I am on a social experiment this year to try and fully or partially self-fund a few research projects of mine. These projects are about to kick off or in the making, and the proceeds from my artwork will make them happen.
A Thousand Lives Saved: Restoring the Human-Snake Relationship
Sri Lanka’s wildlife is in crisis, significantly through human-wildlife conflict. The island nation, half the size of Virginia and even smaller than Tasmania, is shared by over 22 million humans and the most evolutionarily diverse community of snakes on the planet, including some of the most venomous snakes known. As a result, Sri Lankans, mostly farming communities, have one of the highest snake bite related deaths in the world: an estimated 1-2 people die every day in Sri Lanka due to snake bites. Many survivors of snakebites suffer from long-term effects impacting their jobs and livelihoods. For every snake bitten victim, many snakes are killed by humans due to fear and misunderstandings, threatening snake populations. Over 32% of the country’s unique snake fauna is classified as threatened. The Sri Lankan government spends over $10 million US/year treating snakebites and importing snake antivenom, draining funding from other medical and development issues.
Fortunately, this conflict can be significantly healed with an education-based solution. Through a thoughtfully crafted series of science-backed and creative educational programs at a national scale (TV and social media campaigns), rigorous data collection to evaluate success, and introduction of a snake gaiter suitable for farmers, we can save 100s of human and 1000s of snake lives each year. The audience will be the entire country.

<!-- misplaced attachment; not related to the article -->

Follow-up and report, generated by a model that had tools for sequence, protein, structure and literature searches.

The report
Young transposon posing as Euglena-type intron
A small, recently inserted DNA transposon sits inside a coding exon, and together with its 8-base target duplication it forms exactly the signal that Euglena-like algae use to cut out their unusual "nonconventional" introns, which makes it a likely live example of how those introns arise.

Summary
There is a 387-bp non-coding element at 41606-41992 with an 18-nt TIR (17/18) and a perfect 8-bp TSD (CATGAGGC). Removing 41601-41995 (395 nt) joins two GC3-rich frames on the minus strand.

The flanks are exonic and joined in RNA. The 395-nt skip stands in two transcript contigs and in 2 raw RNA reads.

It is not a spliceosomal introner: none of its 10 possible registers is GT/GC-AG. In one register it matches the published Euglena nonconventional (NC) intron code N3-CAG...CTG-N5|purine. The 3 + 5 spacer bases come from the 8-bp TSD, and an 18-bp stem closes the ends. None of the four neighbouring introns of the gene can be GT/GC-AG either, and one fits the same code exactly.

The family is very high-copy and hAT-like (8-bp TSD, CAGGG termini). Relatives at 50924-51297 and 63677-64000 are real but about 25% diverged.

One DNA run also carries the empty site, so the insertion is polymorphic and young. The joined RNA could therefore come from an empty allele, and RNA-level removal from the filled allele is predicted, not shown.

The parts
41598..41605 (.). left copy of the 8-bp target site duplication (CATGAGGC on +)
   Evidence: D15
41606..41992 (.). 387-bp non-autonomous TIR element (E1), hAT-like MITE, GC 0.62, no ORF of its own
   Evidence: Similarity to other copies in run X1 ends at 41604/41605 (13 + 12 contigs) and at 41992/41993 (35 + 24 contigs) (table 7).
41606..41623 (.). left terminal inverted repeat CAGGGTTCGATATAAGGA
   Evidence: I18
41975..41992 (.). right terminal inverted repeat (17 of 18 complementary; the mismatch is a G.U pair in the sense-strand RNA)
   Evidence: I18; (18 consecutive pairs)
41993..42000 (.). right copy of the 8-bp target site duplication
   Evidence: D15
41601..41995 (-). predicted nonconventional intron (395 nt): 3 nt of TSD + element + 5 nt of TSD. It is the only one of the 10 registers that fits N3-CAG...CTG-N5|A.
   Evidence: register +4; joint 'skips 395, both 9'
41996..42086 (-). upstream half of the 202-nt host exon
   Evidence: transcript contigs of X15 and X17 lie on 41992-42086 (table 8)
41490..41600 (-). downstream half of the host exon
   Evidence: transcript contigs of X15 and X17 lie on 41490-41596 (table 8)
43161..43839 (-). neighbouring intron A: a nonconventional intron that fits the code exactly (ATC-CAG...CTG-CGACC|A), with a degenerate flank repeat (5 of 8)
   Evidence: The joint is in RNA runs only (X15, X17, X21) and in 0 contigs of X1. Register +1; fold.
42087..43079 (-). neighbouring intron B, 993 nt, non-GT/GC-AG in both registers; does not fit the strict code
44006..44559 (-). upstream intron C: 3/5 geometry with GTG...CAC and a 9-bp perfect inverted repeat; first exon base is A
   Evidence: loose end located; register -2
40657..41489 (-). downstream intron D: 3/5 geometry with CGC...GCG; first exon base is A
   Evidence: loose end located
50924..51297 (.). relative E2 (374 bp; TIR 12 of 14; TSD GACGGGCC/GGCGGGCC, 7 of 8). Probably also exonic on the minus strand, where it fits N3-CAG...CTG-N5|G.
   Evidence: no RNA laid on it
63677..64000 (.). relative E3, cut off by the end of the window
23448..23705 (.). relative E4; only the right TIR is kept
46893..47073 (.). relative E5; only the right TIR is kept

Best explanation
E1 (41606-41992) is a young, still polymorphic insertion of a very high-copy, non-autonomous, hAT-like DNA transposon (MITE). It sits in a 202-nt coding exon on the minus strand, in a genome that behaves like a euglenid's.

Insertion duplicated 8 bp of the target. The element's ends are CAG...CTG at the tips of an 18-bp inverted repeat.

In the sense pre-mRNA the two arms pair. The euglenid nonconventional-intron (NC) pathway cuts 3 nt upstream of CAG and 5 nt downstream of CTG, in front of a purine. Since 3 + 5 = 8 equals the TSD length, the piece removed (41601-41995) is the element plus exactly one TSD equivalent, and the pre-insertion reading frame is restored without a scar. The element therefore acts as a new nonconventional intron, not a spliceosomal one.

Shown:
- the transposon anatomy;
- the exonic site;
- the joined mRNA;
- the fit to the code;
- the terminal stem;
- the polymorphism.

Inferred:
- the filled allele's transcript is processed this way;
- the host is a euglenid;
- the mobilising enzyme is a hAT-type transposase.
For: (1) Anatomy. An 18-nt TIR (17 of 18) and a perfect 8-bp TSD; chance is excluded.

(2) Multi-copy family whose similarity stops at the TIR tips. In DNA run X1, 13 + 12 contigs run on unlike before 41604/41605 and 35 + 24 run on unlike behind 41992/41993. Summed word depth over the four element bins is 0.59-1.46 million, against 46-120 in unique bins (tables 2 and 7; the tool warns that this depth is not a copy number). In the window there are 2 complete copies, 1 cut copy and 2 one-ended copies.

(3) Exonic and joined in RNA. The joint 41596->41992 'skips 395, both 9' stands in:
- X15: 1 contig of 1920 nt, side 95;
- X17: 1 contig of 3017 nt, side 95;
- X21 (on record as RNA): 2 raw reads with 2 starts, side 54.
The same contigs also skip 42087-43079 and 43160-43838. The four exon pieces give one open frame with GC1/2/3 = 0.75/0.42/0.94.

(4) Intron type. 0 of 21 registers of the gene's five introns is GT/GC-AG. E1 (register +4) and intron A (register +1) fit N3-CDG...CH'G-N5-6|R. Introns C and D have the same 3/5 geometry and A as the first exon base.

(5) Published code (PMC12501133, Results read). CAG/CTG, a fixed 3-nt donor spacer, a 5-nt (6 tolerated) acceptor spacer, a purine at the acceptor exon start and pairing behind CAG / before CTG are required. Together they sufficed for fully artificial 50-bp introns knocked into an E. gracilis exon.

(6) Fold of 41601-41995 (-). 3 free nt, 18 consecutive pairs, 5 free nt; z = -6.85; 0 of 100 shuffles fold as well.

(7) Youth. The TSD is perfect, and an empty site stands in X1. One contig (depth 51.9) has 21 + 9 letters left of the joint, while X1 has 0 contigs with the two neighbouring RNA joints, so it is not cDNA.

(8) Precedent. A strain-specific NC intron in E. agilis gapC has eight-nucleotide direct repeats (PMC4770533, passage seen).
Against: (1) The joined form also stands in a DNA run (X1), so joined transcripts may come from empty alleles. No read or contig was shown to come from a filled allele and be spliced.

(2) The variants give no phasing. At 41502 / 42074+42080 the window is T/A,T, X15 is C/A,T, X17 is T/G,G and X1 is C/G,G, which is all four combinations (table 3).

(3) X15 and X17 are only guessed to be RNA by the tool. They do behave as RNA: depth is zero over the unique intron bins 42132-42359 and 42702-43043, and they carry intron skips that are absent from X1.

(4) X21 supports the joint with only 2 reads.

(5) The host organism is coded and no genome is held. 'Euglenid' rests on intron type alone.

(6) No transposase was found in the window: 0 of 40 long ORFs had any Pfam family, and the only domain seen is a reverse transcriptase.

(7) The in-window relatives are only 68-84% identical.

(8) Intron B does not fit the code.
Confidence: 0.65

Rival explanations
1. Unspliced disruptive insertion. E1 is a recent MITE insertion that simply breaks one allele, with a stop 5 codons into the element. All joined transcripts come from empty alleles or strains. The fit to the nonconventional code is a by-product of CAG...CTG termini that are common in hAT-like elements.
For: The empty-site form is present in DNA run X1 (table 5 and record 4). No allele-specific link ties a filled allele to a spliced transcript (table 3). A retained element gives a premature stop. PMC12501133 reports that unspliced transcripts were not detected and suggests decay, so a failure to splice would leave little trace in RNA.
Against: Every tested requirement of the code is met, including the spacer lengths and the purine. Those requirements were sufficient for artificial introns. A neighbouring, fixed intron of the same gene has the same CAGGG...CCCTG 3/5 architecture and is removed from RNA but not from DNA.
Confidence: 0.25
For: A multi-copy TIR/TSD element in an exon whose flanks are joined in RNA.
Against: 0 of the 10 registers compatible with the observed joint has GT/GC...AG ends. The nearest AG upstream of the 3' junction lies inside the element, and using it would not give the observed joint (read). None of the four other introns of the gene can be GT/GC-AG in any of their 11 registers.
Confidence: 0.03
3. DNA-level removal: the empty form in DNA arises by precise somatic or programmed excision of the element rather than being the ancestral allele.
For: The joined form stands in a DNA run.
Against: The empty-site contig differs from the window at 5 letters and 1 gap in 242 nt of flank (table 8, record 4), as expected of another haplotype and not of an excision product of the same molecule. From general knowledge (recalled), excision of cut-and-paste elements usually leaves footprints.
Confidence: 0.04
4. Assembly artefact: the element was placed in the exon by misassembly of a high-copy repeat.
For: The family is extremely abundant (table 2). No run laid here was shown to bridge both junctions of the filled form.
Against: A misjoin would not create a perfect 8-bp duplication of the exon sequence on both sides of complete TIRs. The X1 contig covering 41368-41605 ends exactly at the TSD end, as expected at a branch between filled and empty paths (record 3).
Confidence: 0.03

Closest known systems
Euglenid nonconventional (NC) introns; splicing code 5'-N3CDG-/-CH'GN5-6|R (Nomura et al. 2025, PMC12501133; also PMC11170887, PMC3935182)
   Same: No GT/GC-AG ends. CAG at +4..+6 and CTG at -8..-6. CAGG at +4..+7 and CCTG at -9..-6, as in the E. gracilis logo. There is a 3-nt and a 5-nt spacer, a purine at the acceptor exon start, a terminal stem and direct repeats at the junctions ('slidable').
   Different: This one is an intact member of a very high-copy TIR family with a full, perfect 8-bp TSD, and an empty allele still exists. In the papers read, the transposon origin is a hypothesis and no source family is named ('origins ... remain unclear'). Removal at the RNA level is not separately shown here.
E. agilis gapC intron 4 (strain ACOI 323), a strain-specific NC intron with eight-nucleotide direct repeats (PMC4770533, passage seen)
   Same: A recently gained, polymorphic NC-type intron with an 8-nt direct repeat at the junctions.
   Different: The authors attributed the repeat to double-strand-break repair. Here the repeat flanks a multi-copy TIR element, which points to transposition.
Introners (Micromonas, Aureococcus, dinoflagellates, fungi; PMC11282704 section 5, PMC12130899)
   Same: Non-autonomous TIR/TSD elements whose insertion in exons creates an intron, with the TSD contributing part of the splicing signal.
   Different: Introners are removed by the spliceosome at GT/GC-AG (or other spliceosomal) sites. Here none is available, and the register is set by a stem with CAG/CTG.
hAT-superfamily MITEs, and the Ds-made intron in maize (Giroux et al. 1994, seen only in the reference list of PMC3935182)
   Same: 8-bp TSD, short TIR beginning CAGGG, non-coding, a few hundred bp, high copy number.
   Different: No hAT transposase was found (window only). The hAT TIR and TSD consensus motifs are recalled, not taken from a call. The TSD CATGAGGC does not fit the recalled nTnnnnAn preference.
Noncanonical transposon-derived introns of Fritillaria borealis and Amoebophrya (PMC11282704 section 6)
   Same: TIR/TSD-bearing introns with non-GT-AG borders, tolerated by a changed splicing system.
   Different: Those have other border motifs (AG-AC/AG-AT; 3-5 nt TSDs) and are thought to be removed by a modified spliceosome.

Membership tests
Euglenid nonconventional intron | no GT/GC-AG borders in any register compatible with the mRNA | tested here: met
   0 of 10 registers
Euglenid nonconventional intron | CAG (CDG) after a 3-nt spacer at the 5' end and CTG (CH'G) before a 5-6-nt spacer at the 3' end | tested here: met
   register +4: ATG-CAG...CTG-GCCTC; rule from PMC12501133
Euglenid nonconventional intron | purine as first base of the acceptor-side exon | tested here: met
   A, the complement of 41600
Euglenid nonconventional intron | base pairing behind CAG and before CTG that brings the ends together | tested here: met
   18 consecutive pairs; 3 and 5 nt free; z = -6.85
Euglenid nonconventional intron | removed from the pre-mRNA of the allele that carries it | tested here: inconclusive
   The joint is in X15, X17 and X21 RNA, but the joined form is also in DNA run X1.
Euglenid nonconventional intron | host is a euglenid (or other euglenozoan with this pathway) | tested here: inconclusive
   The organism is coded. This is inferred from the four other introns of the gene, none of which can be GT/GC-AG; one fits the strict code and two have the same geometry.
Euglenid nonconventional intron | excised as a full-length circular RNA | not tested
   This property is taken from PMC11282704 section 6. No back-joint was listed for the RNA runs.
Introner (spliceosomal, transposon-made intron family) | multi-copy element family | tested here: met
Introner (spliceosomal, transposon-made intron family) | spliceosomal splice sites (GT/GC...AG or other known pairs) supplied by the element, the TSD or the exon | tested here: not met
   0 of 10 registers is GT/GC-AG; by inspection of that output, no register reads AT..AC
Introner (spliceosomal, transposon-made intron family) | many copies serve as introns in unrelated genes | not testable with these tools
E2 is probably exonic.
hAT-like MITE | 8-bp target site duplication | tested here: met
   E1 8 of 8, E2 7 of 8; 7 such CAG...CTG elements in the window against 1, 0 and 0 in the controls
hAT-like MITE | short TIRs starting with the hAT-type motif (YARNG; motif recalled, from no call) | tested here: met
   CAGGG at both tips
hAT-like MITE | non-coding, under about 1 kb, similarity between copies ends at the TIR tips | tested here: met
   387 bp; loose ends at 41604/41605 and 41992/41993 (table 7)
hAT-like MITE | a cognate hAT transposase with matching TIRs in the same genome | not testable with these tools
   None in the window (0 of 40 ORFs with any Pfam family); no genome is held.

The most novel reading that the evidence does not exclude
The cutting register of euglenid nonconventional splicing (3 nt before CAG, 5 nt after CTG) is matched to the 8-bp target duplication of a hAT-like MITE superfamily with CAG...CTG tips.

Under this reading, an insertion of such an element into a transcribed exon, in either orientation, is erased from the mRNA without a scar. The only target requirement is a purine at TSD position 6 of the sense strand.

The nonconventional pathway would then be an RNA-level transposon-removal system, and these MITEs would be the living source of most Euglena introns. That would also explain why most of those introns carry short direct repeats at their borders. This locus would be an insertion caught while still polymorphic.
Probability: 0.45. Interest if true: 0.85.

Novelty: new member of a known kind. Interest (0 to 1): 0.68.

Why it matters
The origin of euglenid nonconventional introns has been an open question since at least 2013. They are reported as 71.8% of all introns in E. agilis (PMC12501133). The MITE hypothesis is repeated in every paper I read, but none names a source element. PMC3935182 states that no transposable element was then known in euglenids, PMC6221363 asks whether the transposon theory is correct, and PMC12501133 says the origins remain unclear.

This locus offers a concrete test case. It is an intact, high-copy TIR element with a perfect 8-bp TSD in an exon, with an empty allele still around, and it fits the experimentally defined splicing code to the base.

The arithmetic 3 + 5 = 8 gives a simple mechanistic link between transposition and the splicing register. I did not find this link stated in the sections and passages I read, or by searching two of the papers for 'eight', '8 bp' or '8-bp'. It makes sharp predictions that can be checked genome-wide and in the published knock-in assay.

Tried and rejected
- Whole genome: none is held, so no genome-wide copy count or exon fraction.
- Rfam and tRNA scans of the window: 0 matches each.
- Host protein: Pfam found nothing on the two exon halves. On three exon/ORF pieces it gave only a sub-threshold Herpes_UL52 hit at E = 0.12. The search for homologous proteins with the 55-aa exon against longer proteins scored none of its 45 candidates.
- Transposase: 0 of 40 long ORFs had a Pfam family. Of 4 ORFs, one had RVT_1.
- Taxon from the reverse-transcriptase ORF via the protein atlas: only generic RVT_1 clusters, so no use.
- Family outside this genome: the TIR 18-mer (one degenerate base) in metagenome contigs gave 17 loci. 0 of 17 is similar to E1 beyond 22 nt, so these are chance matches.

This project is partially funded by the National Geographic Society and we plan to kick off by September 2022.
Reconciling trade-offs between biodiversity conservation
& economic gain
The bycatch of one of the sea snake species, the Little File Snake (Acrochordus granulatus) in Sri Lanka’s commercial small-scale fisheries (SSF) is likely among the highest rates of undocumented by-catch of marine reptiles in the whole region. It is nationally listed as ‘Vulnerable’, which according to the International Union for Conservation of Nature (IUCN), is a category for species that are likely to become endangered unless the circumstances that are threatening its survival and reproduction improve. Field observations made by us shows that over 120 snakes were caught in gill nets in a single day, among just 13 fishing boats at a single harbor in NW Sri Lanka, with a mortality rate of 32%. According to fishermen, by-catch of sea snakes is common throughout the year but numbers have reduced significantly.
These competing and often conflicting resource uses by humans and animals highlight the urgent need to develop effective solutions that ensure marine habitats and their components are protected without compromising pathways to economic growth and food security. Yet our ability to identify these environmental and economic win-win scenarios is currently hampered by a lack of data and tools needed to optimize natural resource extraction and conservation strategies across broad spatial scales. The unregulated system discussed above provides an amazing opportunity to not only study the ecology and environmental services of a poorly-known reptile, but also to use sea snakes as a model system to help understand the complex social, economic, and political factors that contribute to the by-catch problem, and illustrate ways in which bycatch can be reduced effectively without compromising the economic gain.
This project is at a planing stage and planned to kick off in mid 2022.
Feeding ecology of the Chinese sea krait (Laticauda semifasciata)
Soon to come...